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Canadian Journal of Gastroenterology and Hepatology
Volume 2016, Article ID 5315798, 11 pages
http://dx.doi.org/10.1155/2016/5315798
Research Article

Real-Life Treatment Paradigms Show Adalimumab Is Cost-Effective for the Management of Ulcerative Colitis

1Division of Gastroenterology, University of Alberta, Edmonton, AB, Canada
2Institute of Health Economics, Edmonton, AB, Canada

Received 6 April 2016; Revised 19 August 2016; Accepted 24 August 2016

Academic Editor: Laura E. Targownik

Copyright © 2016 Candace L. Beilman et al. This is an open access article distributed under the Creative Commons Attribution License, which permits unrestricted use, distribution, and reproduction in any medium, provided the original work is properly cited.

Abstract

Background. Adalimumab is effective for the maintenance of remission in patients with moderate-to-severe ulcerative colitis (UC). Currently, biologic therapies are used in cases where patients fail conventional medical therapies. If biologic therapies are not available, patients often choose to remain in an unwell state rather than undergo colectomy. Objective. The aim of the study was to evaluate the cost-effectiveness of adalimumab in patients with UC where adalimumab was readily available compared to not available. Methods. A previously validated Markov model was used to simulate disease progression of patients with UC who are corticosteroid-dependent and/or did not respond to thiopurine therapy. Utility scores and transition probabilities between health states were determined by using data from randomized controlled trials and real-life observational studies. Costs were obtained from the Ontario Case Costing Initiative and the Alberta Health Schedule of Medical Benefits. Results. The incremental cost-effectiveness ratios for readily available adalimumab treatment of UC were $40,000 and $59,000 per quality-adjusted life year, compared with ongoing medical therapy in an unwell state, at 5-year and 10-year treatment time horizons, respectively. Conclusion. Considering real-life patient preferences to avoid colectomy, adalimumab is cost-effective according to a willingness-to-pay threshold of $80,000 for treatment of UC.

1. Introduction

Ulcerative colitis (UC) is a chronic, relapsing, and remitting inflammatory disease that is characterized by symptoms of diarrhea, rectal bleeding, urgency, and abdominal pain [1]. Canada has one of the highest incidence rates of UC in the world and this incurs a considerable burden to the Canadian healthcare system, with direct and indirect costs close to $1 billion per year [2].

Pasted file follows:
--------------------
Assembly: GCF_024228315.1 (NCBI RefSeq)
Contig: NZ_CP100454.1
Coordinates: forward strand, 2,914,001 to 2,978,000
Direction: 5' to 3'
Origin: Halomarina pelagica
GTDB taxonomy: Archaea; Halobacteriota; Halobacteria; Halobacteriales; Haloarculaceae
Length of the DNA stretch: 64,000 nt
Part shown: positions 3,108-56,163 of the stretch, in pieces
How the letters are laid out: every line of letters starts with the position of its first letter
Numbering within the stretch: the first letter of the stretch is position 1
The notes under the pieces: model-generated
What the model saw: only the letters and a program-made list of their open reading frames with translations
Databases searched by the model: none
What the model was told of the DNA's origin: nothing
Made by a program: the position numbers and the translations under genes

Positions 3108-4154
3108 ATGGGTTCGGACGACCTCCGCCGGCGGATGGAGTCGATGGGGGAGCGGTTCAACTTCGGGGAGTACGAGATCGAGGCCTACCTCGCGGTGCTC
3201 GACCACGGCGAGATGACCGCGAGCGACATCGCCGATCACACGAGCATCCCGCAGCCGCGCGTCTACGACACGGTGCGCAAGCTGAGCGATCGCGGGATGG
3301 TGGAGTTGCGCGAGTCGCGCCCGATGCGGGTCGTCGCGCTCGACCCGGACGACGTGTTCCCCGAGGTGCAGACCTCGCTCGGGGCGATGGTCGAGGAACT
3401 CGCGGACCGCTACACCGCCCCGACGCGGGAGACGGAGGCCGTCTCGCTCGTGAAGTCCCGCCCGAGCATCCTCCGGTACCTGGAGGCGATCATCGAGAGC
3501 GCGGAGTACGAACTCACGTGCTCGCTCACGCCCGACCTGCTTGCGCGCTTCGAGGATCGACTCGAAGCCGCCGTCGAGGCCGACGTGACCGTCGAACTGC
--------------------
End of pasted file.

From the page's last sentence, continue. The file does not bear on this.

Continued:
Due to the relapsing-remitting course of UC, treatment is focused on the induction and maintenance of clinical remission and endoscopic mucosal healing [1]. Maintaining remission requires continuous medical therapy and ongoing monitoring of disease activity. Conventional medical therapies, including mesalamine, corticosteroids, and oral immunosuppressants (azathioprine, 6-mercaptopurine), may be inadequate to maintain clinical remission in some patients [3].

For patients who fail to maintain remission on the above therapy, the options for treatment are limited to continuous corticosteroid use, colectomy, or biologic therapy. The chronic use of corticosteroids is associated with significant adverse effects and can leave the patient in a chronically unwell state [4]. While colectomy with a permanent ileostomy or an ileoanal pouch procedure can result in improved quality of life, it may be associated with significant morbidity and can lead to concerns with body image [5, 6]. In this regard, patients often delay the colectomy and elect to remain in a chronically unwell state, often on chronic corticosteroids.

The use of the antitumor necrosis factor alpha (TNFα), adalimumab, has been shown to be well tolerated and effective in inducing remission in patients with moderate-to-moderately severe active UC [3, 710]. The benefits of adalimumab for patients with inflammatory bowel disease (IBD) include increased quality of life, steroid discontinuation, and reduced hospitalization and surgery rates [9, 11].

The cost of biologic therapy is significant, varying from $18,000 to $33,000 per patient per year [12]. While there is limited cost-effective data of adalimumab for the treatment of UC, there are several conflicting studies examining its cost in Crohn’s disease. One study found adalimumab to be cost-effective compared to conventional therapies for maintenance and remission in patients with active Crohn’s disease, with an ICER of 17 873 per quality-adjusted life year (QALY) over a 1-year time period [13]. Similarly, another study, using a lifetime Markov Model concluded that adalimumab was more economical compared to standard care of Crohn’s disease, with an ICER of 7190/QALY for 1 year of treatment [14]. In contrast, Blackhouse et al. suggested that adalimumab was not cost-effective in managing patients with Crohn’s disease compared to usual care, with an ICER of $US193,305/QALY over a 5-year period [15]. The conflicting nature of these results suggests discrepancies in methods and definitions used, costs included, and countries where the study took place. While economic data exists for adalimumab treatment of Crohn’s disease, there is currently no cost-effectiveness study for adalimumab treatment in ulcerative colitis.